Enrollment in America’s public schools plummeted during the pandemic particularly in lower grades, according to a new report.
The American Enterprise Institute report examines how COVID-related policies affected enrollment loss in over 8,200 public school districts, and builds on similar reports of enrollment decline during the period.
Here are three key findings from the report:
1. Younger grades saw the most enrollment loss.
K-5 enrollment was significantly impacted by pandemic policies. After elementary enrollment declined steadily from 2016-2020, the pandemic rapidly accelerated the enrollment loss. The report found a staggering drop of 14% in kindergarten enrollment in 2021, for example. Grades 1-5 also were down 8%.
Middle and high school declines were not quite as steep, especially where in-person instruction was offered sooner or longer during the pandemic.
2. Schools with more remote instruction saw the largest enrollment loss.
The report divided school districts into three categories: “most remote,” “middle remote” and “most in person.”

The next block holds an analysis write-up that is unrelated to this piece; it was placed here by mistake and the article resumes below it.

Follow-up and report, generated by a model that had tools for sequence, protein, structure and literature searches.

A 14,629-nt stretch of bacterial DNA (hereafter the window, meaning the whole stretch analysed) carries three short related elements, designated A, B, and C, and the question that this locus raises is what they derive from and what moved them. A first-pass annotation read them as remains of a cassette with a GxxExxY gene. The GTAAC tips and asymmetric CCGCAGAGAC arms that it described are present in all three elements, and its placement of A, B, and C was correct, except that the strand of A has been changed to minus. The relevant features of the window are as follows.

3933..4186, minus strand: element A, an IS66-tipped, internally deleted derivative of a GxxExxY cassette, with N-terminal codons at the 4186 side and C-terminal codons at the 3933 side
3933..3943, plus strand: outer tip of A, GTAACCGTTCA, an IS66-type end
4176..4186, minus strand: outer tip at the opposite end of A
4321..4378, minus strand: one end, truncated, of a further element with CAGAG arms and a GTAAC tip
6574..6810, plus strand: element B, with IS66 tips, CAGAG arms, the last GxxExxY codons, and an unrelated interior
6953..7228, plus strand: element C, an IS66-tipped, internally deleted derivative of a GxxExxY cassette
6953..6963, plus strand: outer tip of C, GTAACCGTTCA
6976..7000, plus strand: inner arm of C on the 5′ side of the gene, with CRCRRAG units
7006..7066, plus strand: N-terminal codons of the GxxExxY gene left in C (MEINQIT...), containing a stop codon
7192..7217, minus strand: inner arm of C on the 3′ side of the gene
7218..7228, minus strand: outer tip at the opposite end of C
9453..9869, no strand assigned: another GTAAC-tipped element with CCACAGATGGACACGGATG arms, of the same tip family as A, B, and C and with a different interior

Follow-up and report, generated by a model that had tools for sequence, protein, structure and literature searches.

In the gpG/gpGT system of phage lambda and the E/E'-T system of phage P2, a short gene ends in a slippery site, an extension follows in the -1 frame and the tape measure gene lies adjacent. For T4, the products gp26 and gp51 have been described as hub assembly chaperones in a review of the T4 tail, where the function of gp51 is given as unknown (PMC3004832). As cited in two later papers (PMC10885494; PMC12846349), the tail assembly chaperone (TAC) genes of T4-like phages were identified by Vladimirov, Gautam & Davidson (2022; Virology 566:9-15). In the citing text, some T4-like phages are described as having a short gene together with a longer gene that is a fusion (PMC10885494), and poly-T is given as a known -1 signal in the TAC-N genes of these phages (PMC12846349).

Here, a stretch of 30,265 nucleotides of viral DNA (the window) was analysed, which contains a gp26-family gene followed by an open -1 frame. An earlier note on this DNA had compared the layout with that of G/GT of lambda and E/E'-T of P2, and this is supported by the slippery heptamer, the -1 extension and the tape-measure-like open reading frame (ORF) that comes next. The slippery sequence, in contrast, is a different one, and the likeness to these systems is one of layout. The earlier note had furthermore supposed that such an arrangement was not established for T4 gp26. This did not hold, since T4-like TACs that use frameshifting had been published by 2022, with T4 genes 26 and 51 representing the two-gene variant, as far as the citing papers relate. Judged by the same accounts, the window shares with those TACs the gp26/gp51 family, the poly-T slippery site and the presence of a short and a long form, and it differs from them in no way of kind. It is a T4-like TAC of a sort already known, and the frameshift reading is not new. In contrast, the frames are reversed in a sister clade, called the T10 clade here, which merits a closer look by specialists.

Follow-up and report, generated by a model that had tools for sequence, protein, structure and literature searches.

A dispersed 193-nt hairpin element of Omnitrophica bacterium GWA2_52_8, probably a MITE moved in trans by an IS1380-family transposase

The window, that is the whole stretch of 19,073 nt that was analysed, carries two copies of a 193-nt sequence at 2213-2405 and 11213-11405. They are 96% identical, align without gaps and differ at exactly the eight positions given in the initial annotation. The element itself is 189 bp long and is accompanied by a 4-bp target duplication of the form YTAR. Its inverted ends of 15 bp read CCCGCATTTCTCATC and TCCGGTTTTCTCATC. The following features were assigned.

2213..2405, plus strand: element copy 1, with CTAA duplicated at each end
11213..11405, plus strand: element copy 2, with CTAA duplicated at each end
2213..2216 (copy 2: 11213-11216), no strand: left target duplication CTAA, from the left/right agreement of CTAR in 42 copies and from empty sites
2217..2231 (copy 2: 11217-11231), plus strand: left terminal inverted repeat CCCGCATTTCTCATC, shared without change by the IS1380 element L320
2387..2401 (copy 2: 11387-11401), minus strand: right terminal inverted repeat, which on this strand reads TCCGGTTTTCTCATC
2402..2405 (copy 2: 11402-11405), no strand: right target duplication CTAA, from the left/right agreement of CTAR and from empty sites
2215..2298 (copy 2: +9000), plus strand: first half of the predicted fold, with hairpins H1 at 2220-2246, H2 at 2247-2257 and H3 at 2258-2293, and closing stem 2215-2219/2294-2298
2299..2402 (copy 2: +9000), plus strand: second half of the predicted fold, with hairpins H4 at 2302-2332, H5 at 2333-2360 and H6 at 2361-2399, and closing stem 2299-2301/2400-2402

The largest enrollment loss was in schools classified as “most remote.” These schools were down around 5% since 2017, with most of the losses coming during the pandemic (2020-22), according to the report. During
the same period, hybrid (or middle remote) and in-person public schools saw only a 3% and 1% decline in enrollment, respectively.
3. Public schools with more in-person instruction are bouncing back more quickly.
Many hybrid and in-person schools saw enrollment increases during the 2021-22 school year while schools that continued remote instruction continued to decline. The report says mostly remote districts “lost over 500,000 more students than they might have” if they offered more in-person instruction.
An op-ed released by AEI with the report explains the losses were due in large part to dissatisfied parents seeking alternative educational options for their children.
“To be clear, our findings do not support assertions that a majority of families are dissatisfied with their local schools,” the authors say. “They do, however, suggest that a subset were dissatisfied enough to find alternative placements because of district actions. A larger portion were likely equally dissatisfied but unable to find alternatives that they could afford.
“At a more basic level, our results confirm that large numbers of parents are willing to vote with their feet when their fundamental preferences are not met.”